Get ready for SRIT part I: what does it all mean?

Ian McCall
Ian McCall

Ian McCall is a Partner at Deloitte

So much has happened in British politics over the last year that it would be easy to lose track of what is actually changing. Between the General Election, the Smith Commission, the beginnings of the EU referendum, among many other developments, there’s a lot for businesses to keep up with.

One of the biggest changes, and a move that is still under the radar for many organisations, is the introduction of the Scottish Rate of Income Tax (SRIT).

After an initial media flurry, there’s been little information on what it means for businesses and individuals. Yet, it will be introduced in less than eight months’ time and will affect a large number of organisations across the UK – whether they are headquartered in London or Linlithgow.

Here’s what you need to know about one of the biggest transfers of tax power from Westminster to the devolved administrations to date:

What will it allow the Scottish Government to do?

In essence, from April 6 2016 the tax rate for residents in Scotland will reduce by 10p, leaving the Scottish Government free to adjust it accordingly. If it wants to stick with the status quo, that would mean setting the SRIT at 10p, with the basic rate remaining at 20p, the higher band at 40p and the additional rate at 45p.

However, the Scottish Government will initially have to make the same changes to each of the tax bands. If, for example, it wishes to increase the additional rate to 50p in total, this would also mean an increase to 25p and 45p for the other two bands. That may limit what the Government decides to do in the short term.

It is anticipated that the Scottish Government will set the 2016-2017 SRIT during their Budget this autumn. These new rates will apply to all non-savings income, i.e. employment, self-employment and pension income.

Where do you get information?

Her Majesty’s Revenue and Customs (HMRC) will determine who has to pay SRIT and recently issued a business bulletin highlighting the SRIT’s introduction. In advance of the new tax year HMRC will be issuing tax codes with “S” as a prefix, known as S codes, identifying the individuals who will be liable for the new Scottish rate.

While the Scottish taxpayer position is a decision for HMRC and the individual, HMRC has begun its communications campaign with employers, and a media campaign aimed at individuals is also in the offing. On top of that, residents of Scotland can expect a letter through their doors later in the year notifying them if they will be liable for the new SRIT. Any individual receiving a letter and disagreeing with HMRC’s decision should contact them immediately.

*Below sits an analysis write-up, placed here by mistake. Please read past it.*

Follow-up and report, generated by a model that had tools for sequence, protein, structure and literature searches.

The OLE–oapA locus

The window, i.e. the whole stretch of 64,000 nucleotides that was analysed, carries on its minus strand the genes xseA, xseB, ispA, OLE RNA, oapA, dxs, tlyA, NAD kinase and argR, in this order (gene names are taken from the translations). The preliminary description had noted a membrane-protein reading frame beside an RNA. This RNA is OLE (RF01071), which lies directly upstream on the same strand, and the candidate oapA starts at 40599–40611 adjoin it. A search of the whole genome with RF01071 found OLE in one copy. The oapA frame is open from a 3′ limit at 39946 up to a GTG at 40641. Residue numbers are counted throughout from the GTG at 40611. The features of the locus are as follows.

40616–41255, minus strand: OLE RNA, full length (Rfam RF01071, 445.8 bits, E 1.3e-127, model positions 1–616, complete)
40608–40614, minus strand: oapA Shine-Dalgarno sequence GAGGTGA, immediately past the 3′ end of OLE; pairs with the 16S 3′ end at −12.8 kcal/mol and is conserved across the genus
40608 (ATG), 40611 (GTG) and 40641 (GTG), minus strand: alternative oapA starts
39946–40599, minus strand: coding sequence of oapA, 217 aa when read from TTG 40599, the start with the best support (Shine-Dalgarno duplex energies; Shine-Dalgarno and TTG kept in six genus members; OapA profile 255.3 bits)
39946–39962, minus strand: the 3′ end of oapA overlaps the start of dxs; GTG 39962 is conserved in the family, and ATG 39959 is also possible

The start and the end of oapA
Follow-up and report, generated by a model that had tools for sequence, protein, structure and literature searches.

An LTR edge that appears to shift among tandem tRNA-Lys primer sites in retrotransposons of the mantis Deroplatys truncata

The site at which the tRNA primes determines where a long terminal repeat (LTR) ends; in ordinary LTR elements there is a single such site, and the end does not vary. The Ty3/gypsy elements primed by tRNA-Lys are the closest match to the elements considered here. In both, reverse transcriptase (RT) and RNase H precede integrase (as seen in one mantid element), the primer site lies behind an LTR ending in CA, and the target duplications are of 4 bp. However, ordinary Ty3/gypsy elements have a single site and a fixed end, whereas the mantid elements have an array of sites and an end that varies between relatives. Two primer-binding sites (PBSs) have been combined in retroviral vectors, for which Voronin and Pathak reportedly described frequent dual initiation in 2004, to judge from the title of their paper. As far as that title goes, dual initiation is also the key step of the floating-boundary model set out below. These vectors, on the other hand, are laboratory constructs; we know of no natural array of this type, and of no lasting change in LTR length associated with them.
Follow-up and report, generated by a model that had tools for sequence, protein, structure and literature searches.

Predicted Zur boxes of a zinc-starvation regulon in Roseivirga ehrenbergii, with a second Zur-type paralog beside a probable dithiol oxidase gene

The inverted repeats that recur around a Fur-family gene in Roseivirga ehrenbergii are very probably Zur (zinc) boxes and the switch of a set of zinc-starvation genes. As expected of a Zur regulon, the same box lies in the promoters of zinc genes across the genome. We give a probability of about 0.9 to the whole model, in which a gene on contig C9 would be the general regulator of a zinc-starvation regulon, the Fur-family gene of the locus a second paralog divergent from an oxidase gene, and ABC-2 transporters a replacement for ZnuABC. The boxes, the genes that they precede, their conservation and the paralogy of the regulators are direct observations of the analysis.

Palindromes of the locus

Most employees are more likely to contact their employer, rather than HMRC, to get an understanding of what it means – hence the decision to contact employers first. For organisations, that means it’s a good idea to have answers prepared.

Who will it affect?

Legislation defines who will be classed as a Scottish taxpayer and technical guidance from the Revenue clarifies that those who are residents of Scotland will be liable for the SRIT. Essentially, it will apply to anyone who counts a Scottish address as their home.

In practice, that means if your business is in Carlisle but you have 50 employees who live in Dumfries, they will all have to pay the adjusted Scottish rates (i.e. the reduced UK rate plus SRIT).

In 99% of cases that should be a straight forward process. However, when it comes to businesses with employees who travel for the majority of the year or who don’t necessarily count a single property as their home, it becomes a bit complicated.

What if an employee moves?

If an employee moves to another part of the UK, the short answer is that which tax system they fall under will depend on where they have stayed for the longest period of time during the tax year.

If they spend nine months in Edinburgh, only to be transferred to London for the remaining three months of the year, the employee will still be liable for the adjusted Scottish rates rather than the normal UK rates.

It’s worth bearing in mind that it is incumbent on the individuals to inform HMRC if they move address, providing all the necessary dates. If they want to be reclassified for the following tax year, it’s their responsibility to do something about it.

In part II of this blog, I’ll be looking at some of the steps employers can take to get ready for the SRIT’s introduction in April 2016.

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